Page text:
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Wed Oct 24, 2012, 03:20 PM

Ending Rape Illiteracy

http://www.thenation.com/blog/170767/ending-rape-illiteracy

This week, a DC-based feminist group projected the phrase “rape is rape” onto the US Capitol building. The action was meant to highlight survivors’ stories and bring attention to the way rape is often mischaracterized. The sentiment may seem an obvious one—who doesn’t understand what rape is?—but the message, sadly, is much needed. Tuesday evening at the final Indiana Senate debate, Republican Richard Mourdock explained why he opposes abortion with no exceptions by calling pregnancy from rape "something that God intended"- the latest in a long line of "gaffes" by male politicians about sexual assault. It was only this January that the FBI updated its archaic definition of rape, male politicians’ “gaffes” about rape have become par for the course, and victim-blaming in the culture and courts runs rampant.

Feminists have done a lot to change policies, but not enough to change minds. Despite decades of activism on sexual assault—despite common sense, even—there is still widespread ignorance about what rape is, and this absence of a widely understood and culturally accepted definition of sexual assault is one of the biggest hurdles we have in chipping away at rape culture.

When Todd Akin uttered his now-famous line that women rarely get pregnant from “legitimate rape,” he didn’t misspeak. This was something he thought was true—both the bizarre logic about pregnancy and the idea that there is such a thing as a rape that isn’t legitimate. Last year, Wisconsin state representative Roger Rivard told a newspaper reporter that “some girls rape easy.” Now under fire, Rivard attempted to clarify his comments, claiming they were taken out of context.

What the whole genesis of it was, it was advice to me , telling me, “If you’re going to go down that road, you may have consensual sex that night and then the next morning it may be rape.” So the way he said it was, “Just remember, Roger, some girls, they rape so easy. It may be rape the next morning.”

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Arrow 6 replies Author Time Post
Reply Ending Rape Illiteracy (Original post)
redqueen Oct 2012 OP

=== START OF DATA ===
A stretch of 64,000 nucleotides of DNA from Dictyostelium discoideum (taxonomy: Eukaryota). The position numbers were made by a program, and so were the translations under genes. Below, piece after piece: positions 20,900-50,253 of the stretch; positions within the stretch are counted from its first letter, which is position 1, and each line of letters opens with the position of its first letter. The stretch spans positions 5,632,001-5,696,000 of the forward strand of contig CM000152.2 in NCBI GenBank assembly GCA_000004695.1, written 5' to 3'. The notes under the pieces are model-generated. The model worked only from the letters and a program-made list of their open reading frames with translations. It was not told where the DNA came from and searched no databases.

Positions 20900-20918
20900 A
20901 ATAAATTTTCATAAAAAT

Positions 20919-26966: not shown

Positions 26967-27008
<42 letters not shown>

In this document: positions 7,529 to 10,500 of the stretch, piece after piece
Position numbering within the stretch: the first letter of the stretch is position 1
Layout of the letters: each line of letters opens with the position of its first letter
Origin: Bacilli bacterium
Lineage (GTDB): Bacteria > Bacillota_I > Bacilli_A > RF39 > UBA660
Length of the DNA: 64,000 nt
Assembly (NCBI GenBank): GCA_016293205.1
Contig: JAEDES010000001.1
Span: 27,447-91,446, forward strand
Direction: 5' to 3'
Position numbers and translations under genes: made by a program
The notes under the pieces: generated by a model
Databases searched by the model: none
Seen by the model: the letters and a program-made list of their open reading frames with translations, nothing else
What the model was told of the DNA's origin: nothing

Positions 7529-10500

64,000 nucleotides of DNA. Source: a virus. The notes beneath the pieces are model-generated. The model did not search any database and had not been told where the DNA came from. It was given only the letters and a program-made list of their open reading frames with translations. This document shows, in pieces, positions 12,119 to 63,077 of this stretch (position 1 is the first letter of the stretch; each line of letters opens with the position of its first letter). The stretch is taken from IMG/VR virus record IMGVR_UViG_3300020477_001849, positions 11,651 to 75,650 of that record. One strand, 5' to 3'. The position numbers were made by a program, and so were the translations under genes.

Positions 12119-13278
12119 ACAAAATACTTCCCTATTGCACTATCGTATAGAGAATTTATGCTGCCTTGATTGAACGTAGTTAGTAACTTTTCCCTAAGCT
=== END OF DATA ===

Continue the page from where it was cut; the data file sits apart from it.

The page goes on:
MadrasT Oct 2012 #1
redqueen Oct 2012 #2
MadrasT Oct 2012 #3
redqueen Oct 2012 #4
ismnotwasm Oct 2012 #5
MadrasT Oct 2012 #6

Response to redqueen (Original post)

Wed Oct 24, 2012, 03:29 PM

1. Was just coming to post this.

Really great article.

The definition of who is a rape victim has been whittled down by racism, misogyny, classism and the pervasive wink-wink-nudge-nudge belief that all women really want to be forced anyway. The assumption is that women are, by default, desirous of sex unless they explicitly state otherwise. And women don’t just have to prove that we said no, but that we screamed it.


The reason we have qualifiers—legitimate, forcible, date, gray—is because at the end of the day it’s not enough to say ‘rape’. We don’t believe it on its own and we want to know what “kind” of assault it was in order to make a value judgment about what really happened—and to believe that it couldn’t happen to us. It’s not because most people are bad, or want to blame rape victims. Americans are simply too mired in misogyny, and without feminist influence, to think any differently.



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Response to MadrasT (Reply #1)

Wed Oct 24, 2012, 03:48 PM

2. I really liked the observation that feminists have done a lot to change policies,

but not enough to change minds.

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Response to redqueen (Reply #2)

Wed Oct 24, 2012, 03:53 PM

3. Yes. The need to be more proactive about changing our culture.

Mmm-hmm. Good stuff.

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Response to MadrasT (Reply #3)

Wed Oct 24, 2012, 03:57 PM

4. Yes, it was too hard to pick excerpts so I went with the opening paragraphs...

thanks for posting those two. I wish more people understood what this all means.

We are mocked and ridiculed for pointing out the fact that women are the sex class... posts here which spell out the way that we exist in a perpetual state of YES! are hidden and become fodder for jokes elsewhere on this site... but these are serious issues, and the more people speak up about it, the better.

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Response to MadrasT (Reply #3)

Wed Oct 24, 2012, 06:13 PM

5. Was it you that said

Something to the effect that these rape 'redefinitions' came from threatened male sexual privilege? No playing in the rape culture sandbox without a lot of ugly pushback.

It's really good to see this.

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Response to ismnotwasm (Reply #5)

Wed Oct 24, 2012, 07:48 PM

6. Yep. Reckon my words were cruder than

"threatened male sexual privilege" but that was my theory.

I am fed up with hearing men trying to control conversations about rape and abortion. (And I mean "ready to open up a can of whoop ass" fed up.)

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